At Enterprise Connect last week, enterprise IT professionals and technology vendors gathered virtually to discuss the issues impacting the industry, all with an eye on what's coming down the pike for communications and collaboration in the year ahead.
Like in years past, the important topics and trends of the day became a through line of the event, this year ranging from discussions on enabling hybrid work to unifying on a single communications platform. Below are four top themes and takeaways from Enterprise Connect that touch on these trends and others:
1. The voice renaissance continues
— “Voice is really back,” Phil Edholm, president and founder of PKE Consulting, said during the locknote session. Not only did discussions of asynchronous voice tools like Slack Huddle
take place in conference sessions, but voice got the nod during at least one keynote, too. During her keynote address
, Nicole Herskowitz, GM of Microsoft Teams, focused heavily on voice services, sharing details on the newly released Operator Connect service and updates to Teams Phone. While video meetings are great tools for knowledge workers to collaborate, voice “has so many other applications,” and it can fit the needs of all kinds of workers, Edholm said.
2. Hybrid work is here, but it’s not a fit for all users — While approaches may vary, enterprise IT professionals speaking at Enterprise Connect indicated that their organizations have embraced a hybrid model of working for the future. "For most of [our] company, we remain, we are, we will be a hybrid company,” Gary LaSasso, director of collaboration experiences and technologies for biopharmaceutical company Amicus Therapeutics, said during the Enterprise Summit. While many employees can work effectively from home, some will never be able to —shipping “a half-million-dollar microscope” to researchers so they can work from home simply isn’t feasible, he said.
Similarly, paver makers at concrete company Oldcastle APG can’t do their jobs from home, Craig Terranova, director of infrastructure and operations at Oldcastle, said during the Enterprise Summit. While Oldcastle is adapting a hybrid work model, Terranova said he appreciates and encourages the importance of in-person collaboration. “If it's going to make the meeting better, let’s get into a room, let’s whiteboard, let’s talk it through,” he said.
3. A unified comms platform is easier said than done — The conversation around adopting a single communications platform was hotter than ever this year. However, not everyone is convinced that a unified UCaaS, CCaaS — and even CPaaS — platform is a great or workable idea. While an all-encompassing platform sounds good on paper, some employees might need specialized applications that can't be integrated, Ted Stodolka, VP and chief care officer for greeting card company Hallmark, said during the Enterprise Summit. For instance, large contact centers often have specific data needs that might take them outside a platform, Stodolka explained.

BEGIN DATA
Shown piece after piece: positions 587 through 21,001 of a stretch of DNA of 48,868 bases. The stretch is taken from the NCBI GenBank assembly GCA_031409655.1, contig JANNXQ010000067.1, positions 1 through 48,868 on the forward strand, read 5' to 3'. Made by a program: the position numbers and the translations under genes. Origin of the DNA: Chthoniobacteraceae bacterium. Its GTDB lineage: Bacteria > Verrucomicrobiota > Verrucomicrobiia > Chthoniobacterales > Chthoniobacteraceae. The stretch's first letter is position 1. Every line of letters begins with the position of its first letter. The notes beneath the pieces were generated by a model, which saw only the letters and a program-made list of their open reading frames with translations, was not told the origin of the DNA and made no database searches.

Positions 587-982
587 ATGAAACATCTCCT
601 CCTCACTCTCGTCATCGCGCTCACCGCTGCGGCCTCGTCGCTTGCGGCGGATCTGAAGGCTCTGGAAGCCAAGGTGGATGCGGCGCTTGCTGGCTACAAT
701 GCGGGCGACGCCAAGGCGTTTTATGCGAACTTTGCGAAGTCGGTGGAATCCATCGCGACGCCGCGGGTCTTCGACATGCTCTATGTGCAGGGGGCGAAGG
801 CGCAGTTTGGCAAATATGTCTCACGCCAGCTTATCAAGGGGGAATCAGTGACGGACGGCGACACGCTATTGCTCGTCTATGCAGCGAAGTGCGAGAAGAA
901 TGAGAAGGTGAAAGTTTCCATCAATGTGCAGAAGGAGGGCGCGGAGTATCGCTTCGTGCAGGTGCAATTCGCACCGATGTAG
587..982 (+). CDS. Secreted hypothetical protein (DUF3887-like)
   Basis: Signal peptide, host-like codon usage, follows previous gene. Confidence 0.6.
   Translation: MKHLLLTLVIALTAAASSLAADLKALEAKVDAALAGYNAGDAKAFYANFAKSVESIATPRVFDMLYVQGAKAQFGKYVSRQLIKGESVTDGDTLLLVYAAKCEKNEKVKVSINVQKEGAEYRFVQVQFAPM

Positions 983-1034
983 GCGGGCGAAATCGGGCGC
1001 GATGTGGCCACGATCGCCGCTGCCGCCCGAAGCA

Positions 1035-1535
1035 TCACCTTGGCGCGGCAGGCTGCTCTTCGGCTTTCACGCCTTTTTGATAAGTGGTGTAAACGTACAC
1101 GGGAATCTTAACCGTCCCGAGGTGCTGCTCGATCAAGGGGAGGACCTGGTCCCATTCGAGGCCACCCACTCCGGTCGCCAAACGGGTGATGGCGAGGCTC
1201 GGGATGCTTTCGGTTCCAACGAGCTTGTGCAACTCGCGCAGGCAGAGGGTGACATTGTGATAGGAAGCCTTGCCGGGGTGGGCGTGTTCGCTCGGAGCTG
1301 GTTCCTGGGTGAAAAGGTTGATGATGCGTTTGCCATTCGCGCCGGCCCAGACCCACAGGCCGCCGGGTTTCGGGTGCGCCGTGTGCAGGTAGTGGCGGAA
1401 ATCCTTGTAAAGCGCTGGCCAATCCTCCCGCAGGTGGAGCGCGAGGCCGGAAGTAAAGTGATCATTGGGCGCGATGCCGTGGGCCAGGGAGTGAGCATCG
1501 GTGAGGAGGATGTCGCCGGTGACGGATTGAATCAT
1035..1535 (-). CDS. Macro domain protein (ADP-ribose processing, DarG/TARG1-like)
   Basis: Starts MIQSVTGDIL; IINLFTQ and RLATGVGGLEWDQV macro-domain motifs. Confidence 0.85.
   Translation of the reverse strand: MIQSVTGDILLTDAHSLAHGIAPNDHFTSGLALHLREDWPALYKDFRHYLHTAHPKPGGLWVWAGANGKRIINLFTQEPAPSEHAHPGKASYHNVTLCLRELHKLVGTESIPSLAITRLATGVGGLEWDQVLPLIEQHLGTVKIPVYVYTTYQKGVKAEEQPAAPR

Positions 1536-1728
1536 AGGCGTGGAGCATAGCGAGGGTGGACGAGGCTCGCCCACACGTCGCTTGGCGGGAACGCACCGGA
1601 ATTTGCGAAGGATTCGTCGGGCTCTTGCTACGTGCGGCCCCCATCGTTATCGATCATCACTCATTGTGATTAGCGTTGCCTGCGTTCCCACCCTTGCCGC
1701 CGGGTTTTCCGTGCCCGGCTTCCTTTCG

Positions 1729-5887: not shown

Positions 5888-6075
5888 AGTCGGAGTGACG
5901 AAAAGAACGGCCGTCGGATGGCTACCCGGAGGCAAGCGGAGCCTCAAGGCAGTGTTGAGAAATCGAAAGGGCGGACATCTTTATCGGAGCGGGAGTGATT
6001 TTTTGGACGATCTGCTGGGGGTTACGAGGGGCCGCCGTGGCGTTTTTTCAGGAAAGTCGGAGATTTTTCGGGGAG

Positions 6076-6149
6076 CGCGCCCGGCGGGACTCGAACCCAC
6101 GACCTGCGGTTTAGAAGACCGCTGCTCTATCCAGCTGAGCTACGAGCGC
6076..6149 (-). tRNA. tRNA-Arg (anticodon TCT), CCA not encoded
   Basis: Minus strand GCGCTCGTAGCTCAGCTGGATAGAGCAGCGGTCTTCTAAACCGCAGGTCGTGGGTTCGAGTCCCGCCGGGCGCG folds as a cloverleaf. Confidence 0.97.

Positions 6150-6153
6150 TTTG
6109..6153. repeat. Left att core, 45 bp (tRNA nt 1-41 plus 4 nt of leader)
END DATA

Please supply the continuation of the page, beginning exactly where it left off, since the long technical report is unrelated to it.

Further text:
4. Empowering all users, not just the knowledge worker
— Knowledge workers, while so often the beneficiaries of the latest in communications and collaboration, aren’t the only employees in need of good tools. As Edholm noted in speaking of frontline workers, “75% of workers aren’t like us.” — yet they can do their jobs much better when they have access to UC tools like Microsoft Teams or Cisco Webex. With applications like workforce engagement management (WEM),
for example, contact center agents can realize a more positive experience, too, Robin Gareiss, CEO and principal analyst at Metrigy, shared in a session on the topic. WEM can improve the agent experience through the use of surveys, interactive agent training, gamification, and more, she explained.
With Enterprise Connect 2021 officially in the books, attention now turns to the 2022 hybrid event, which will take place March 21 – 24, at the Gaylord Palms in Orlando, Fla., and online. With the next edition of Enterprise Connect
just five months away, it’s safe to assume many of these topics will take some form on the program. But what will differ, outside of the event having a physical component again, is where IT decision makers will be in their future-of-work journey — and what type of new decisions they’ll encounter along the way.